Rather than a flat terrain, I decided to play with different heights, in order to create a kind of basin, which would have given some emphasis to the movement of the wings (in fact the outline repeats the wings direction)
Ok, the drawing was almost done, it was just time to add some further details, and make shadows a bit smoother here and there. I choose to leave some blurriness at certain points, to suggest a bit of movement, but most of all, to ensure that the observer focuses on those details that I want.
As you can see, realism is just a matter of working a lot on tiny details, smooth nuances, tones relationships and slight variations. Or better said, a matter of patience. Well, I hope this helped a bit, feel free to contact me for any question, here, on my Facebook page, or through my website.
Have fun with drawing!

Wednesday, July 18, 2012

Lesson 2 - About Imitation



Hello everyone!
In this second lesson I want to spend a few words about a basic concept of the classical approach (and therefore of my style). I’m talking about what the ancient Greeks called MIMESIS (μίμησις), a word that we use to translate with “imitation”. 
For a great number of artists, the more a piece of work correctly imitates the nature, the more it can be considered true art.
After all, we somewhat inherited that same vision, since we very often use to say: “it looks real!” when we appreciate a drawing, a painting or a sculpture. 
So, shall we say that something is art, if it just looks “hyper-realistic”? Well, not exactly.  That sort of “perfect imitation”, in fact, has not to be intended as the exact copy, of what we can find in nature, but it’s about imitating the nature, in its whole “creating process”. In other words, we don’t have, e.g., to simply copy a human body, but we should try, to re-create it on our canvas, sheet, or plastic material.
That’s why, understanding proportions and knowing the human anatomy, is essential, because we have to give life to a new creature, even if only a “virtual” one.
Aside that, the final result can be far from being photorealistic, nevertheless our figure will look alive!
A little example: there are two ways of representing a simple blade of grass (as well as a single hair). The non-mimetic one, in which we just copy the shape, regardless to its “nature”; and the mimetic one, in which we know (and follow) the direction where it grows. Both results may look similar, but the second one is also conceptually correct.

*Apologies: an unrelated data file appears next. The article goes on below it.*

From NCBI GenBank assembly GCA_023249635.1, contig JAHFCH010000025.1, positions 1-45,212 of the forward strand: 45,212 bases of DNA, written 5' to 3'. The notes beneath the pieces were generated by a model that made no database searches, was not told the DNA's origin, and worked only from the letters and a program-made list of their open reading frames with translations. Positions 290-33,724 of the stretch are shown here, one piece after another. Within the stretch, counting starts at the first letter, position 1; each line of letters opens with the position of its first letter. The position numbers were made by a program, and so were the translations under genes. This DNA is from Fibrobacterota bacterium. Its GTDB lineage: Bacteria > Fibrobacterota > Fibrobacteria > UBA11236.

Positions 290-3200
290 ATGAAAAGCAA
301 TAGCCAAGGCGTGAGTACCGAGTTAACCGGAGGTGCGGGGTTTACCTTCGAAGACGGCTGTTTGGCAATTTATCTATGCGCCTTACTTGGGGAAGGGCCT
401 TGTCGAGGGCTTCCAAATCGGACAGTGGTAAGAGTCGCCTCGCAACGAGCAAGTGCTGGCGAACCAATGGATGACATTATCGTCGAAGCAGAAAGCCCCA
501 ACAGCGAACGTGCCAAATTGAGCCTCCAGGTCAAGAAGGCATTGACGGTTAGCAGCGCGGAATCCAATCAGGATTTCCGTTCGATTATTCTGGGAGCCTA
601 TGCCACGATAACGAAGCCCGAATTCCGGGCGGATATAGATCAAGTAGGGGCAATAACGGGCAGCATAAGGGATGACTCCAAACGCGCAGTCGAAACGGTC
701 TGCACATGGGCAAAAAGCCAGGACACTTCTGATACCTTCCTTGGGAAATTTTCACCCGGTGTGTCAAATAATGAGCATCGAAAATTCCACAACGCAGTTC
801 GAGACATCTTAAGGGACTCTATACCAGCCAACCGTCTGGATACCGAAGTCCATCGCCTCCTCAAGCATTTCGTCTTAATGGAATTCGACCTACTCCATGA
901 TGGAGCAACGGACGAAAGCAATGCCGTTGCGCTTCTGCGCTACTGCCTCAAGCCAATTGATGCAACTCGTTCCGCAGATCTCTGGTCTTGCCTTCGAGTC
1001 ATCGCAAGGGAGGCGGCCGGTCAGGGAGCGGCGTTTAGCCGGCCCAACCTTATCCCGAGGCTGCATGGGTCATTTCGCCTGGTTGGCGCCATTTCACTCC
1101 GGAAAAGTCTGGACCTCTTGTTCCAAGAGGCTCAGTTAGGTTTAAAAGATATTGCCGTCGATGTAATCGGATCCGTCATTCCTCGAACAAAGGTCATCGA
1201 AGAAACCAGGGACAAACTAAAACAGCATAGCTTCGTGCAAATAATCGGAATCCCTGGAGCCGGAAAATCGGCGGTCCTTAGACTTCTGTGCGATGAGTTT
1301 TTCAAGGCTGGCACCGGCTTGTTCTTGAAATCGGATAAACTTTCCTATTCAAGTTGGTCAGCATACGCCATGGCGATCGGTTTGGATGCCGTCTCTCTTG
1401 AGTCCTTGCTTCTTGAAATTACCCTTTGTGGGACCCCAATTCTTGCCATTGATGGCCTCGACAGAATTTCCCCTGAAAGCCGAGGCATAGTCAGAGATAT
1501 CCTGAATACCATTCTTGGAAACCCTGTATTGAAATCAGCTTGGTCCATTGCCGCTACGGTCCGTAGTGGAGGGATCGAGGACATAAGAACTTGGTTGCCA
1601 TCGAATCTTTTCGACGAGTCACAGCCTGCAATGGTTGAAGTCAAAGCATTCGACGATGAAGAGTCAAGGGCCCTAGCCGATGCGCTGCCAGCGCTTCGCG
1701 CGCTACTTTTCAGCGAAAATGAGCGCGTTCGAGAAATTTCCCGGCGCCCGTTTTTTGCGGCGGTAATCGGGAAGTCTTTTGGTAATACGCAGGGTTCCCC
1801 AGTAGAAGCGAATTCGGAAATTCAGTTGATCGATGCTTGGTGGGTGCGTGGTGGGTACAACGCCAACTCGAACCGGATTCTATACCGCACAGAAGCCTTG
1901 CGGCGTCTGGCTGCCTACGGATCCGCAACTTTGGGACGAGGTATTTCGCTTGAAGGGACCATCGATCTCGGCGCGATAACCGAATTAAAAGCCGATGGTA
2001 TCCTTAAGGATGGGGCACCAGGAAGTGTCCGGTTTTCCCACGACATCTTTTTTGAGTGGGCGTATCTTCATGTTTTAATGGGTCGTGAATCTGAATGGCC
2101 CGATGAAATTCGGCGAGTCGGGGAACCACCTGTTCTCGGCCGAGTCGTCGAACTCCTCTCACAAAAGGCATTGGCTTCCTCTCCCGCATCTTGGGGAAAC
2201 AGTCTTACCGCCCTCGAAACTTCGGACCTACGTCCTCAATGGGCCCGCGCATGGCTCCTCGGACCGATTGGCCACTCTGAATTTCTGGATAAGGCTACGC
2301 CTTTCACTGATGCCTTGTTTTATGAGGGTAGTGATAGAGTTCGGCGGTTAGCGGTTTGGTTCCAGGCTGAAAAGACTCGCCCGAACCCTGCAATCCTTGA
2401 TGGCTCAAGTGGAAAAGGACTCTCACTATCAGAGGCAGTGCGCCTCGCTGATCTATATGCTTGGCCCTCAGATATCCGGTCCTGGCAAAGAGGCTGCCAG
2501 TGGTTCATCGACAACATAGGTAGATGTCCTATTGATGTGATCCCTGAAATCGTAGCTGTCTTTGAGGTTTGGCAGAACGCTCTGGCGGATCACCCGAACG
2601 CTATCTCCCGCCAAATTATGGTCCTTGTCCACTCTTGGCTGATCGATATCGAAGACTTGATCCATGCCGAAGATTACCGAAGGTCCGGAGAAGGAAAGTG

About figure drawing, the outline of a body tells us a lot about its nature, because it suggests inner structures and forms, and a very slight variation of the contour, can give life to the whole drawing. So pay attention to those small bulges and depressions, because the strength of your drawing may depend a lot on them.
The cross hatching can be another way to perform our analysis, since we can use it to investigate, and better understand, shapes and volumes. Furthermore, it gives to our work that vibrating look that imitates those slight variations of the light, or those small movements of a living creature, but also the real yet  invisible swarming of cells, atoms and particles.
So the basic idea is to understand the nature and structure of what we are going to represent the best we can. On my blog, you can find a few suggestions about good books on Art Anatomy, but if you feel like studying quantum mechanics, or botanic, or astronomy, just do it: feel free to investigate the reality in such directions, Leonardo Da Vinci would be proud of you!
Happy drawing!
And thanks for watching!

Monday, July 16, 2012

Exercise 2 - Cross Hatching (Transcription)



Hello everyone!
In my first exercise video, I put the basis for the technique of cross hatching.
So, let’s spend a few more words on it!
You can shade your picture in many different ways. The very basic one is just called hatching, or sometimes 45 degrees hatching. The direction of the strokes never changes and the angle is about 45 degrees. Darker tones are obtained overlaying layer upon layer, always striving to obtain a regular texture.
Rough and spaced strokes give your drawing a fresh and sketchy effect, while fine strokes and delicate passages may help you achieve more realistic results. Let’s take a fast look at how it works. The angle of the strokes must be the most comfortable for you, so if you are left-handed, you may want to do it in the opposite way. It actually doesn’t need to be in a particular angle. Feel free to try also other solutions,  e.g. a horizontal, or a vertical hatching. The finest your hatching will be, the most realistic, yet vibrant, your drawing will look.  To put some highlights you can use a kneaded eraser (also known as “putty rubber”), like I always do.
About cross hatching, the basic idea is very simple: just as for the classic hatching, we have to proceed layer by layer, but this time we must change the angle on every pass.
In case of curved surfaces, the hatching can also ideally follow the shape of the drawn object, creating a sort of curved grid.
Shade like you were actually drawing on the real surface of the model.  That’s the reason why the best thing would be to draw from life: because you can observe your model from different angles, understanding shapes and volumes. Furthermore, you can better realize if a dark area is a shadow, or simply a differently colored zone. In any case, try to fully understand what you are going to draw. This is the way I do it.
So, In this exercise, we want to copy a bas relief using the technique of cross hatching.
For optimal results, I suggest you to copy from a black and white sculpture (either a real one, or a photo), because color can be misleading, for now.
Try to capture and reproduce the different shadow tones and, remember: always get to black step by step.
You can look at what I do, but feel free to do everything in a different order.  Just try to work on the picture as a whole; complete it gradually, make it emerge from the sheet, as if you were actually carving a stone.
If you wish you can comment on my blog and post a link to your picture, so everyone can see it... and maybe I can give you a few more tips.
Have a great time with drawing! And thanks for watching!